For You is Maule’s latest single- Siren’s Call’s title track has been shared on social media- and a glimpse into his 2016 oeuvre.  A delicate, moody finger-picked guitar introduces the song to your ears.  Within the introduction notes, you get images of moonlit confessions and lovers-in-arms strolls:  21st-century anxieties and old-days romance.  When the hero approaches the microphone, his vocals are tenderly deployed.  Words are stretched and expanded to create maximum emotion and effectiveness.  It is hard comparing Richard Maule with anyone else- when you listen to that beautiful vocal.  Influenced by everyone from Mumford and Sons and Damien Rice:  neither artist comes to mind when you hear For You.  The dark, whiskey-soaked voice has more in common with James Blake- someone who has been lauded because of his impactful vocals.  Our man is willing to sacrifice himself and go to war:  do whatever it takes (for) the girl.  Previous Richard Maule tracks have shown a more direct and fast-paced vocal.  Here, we get something much more awed and slowed-down.  In fact- and given my James Blake comparisons- you get little shades of Chris Cornell and Eddie Vedder.  These titans might not be your first port-of-call- considering the style of music Maule plays- but there is gravitas and depth.  Not your average man-with-an-idea musician:  Maule digs into the soul and makes the listener think deeply.  He could have fought battles and overcome obstacles:  he is writing this song as a testament to love.  Whilst this subject has been covered before- putting feelings into a song as a gift; using music as a way to profess admiration- he gives new spin and light to a much-trod area.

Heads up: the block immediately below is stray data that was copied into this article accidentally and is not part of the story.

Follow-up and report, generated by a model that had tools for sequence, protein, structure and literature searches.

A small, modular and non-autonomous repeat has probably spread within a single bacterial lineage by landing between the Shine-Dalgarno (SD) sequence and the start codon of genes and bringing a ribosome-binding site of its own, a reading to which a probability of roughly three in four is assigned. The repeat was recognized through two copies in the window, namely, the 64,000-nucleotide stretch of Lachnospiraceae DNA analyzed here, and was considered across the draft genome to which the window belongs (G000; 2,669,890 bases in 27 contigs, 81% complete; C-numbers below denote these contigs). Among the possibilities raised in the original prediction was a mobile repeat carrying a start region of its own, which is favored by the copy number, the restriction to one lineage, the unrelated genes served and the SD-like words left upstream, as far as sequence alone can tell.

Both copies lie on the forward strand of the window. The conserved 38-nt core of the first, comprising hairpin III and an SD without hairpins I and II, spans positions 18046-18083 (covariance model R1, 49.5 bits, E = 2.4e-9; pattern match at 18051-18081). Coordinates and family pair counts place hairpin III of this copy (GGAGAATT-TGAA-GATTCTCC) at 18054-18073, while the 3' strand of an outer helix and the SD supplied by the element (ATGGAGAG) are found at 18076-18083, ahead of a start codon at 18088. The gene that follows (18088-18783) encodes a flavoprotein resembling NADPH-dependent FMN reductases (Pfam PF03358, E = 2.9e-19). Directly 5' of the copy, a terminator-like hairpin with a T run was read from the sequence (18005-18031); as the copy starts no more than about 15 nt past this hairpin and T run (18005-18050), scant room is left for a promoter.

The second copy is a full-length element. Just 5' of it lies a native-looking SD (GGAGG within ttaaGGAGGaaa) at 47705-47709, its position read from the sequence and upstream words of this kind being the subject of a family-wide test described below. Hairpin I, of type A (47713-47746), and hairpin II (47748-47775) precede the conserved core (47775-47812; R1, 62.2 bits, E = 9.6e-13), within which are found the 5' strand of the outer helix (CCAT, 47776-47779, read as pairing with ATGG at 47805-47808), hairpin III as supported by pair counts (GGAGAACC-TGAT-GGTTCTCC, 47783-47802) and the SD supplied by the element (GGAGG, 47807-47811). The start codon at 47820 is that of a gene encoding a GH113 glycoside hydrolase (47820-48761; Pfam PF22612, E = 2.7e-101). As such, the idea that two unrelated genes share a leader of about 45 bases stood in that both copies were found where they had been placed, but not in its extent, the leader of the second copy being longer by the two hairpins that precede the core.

Knowing the origins of the song’s production- recorded on iPad and with that home-made/D.I.Y. approach- you can hear that earthiness and bare sound.  It is as though we are sat in a room with Maule:  right beside him as he lets his soul flow through the song.  Given the live-sounding sparsity of the song- naked and revealing- the track becomes harder and more emotive.  The beats come into play and the vocal starts to spark.  Our hero unleashes a beautiful falsetto:  enraptured and lost in the moment; that passion and devotion reach boiling point.  The song’s title becomes an anthem in itself.  Presenting those twin words with enraptured fever and sweat:  For You reaches its emotional and spiritual climax.  With devotion and pride at his heart; Maule lays out new professional and promises.  Willing to wait for his sweetheart- for “all of time”- you know he means every word.  Many songwriters employ hyperbole and ridiculous sentiments.  Love songs are often filled with cloying lines and stereotypical rhymes.  Richard Maule is a songwriter who breaks away from the worst instincts of his peers.  For You is a very personal track whose lyrics have special meaning and relevance.  Wanting to “Lift you up when you’re feeling sad”:  the author provides a window into his relationship; the connection the duo has- the day-to-day struggles they face.  I am not sure whether For You accounts a current relationship or something bygone.  Whatever the circumstances behind the song, you are powerless to resist its potency and meaning.  All these professions and promises- lifting her up and making the girl smile- are overlooked in favour of music.  “Why didn’t I…?” is a line repeated mournfully and with regret.  Maybe (our hero) is remiss to let his emotions out.  Perhaps there is hesitation or problems between the two.  Whatever the reason why- he is unable to give himself completely- music is his portal and way of getting his feelings out.  Music-writing seems a more romantic and bolder gesture.  Few humans are able to pen something beautiful and heartfelt.  In a way; For You is a more fitting testament than action and words.  What I love about the song is the mystery that lingers.  I was wondering whether Maule was happy about things- writing a song rather than putting his words into action.  For You is a hugely evocative song that mixes explosion with tenderness.  By the closing stages- warped electronics and racing beats add urgency- you start to wonder and drill down to the nub of the song.  It is a track you need to listen to again to understand its truths and depths.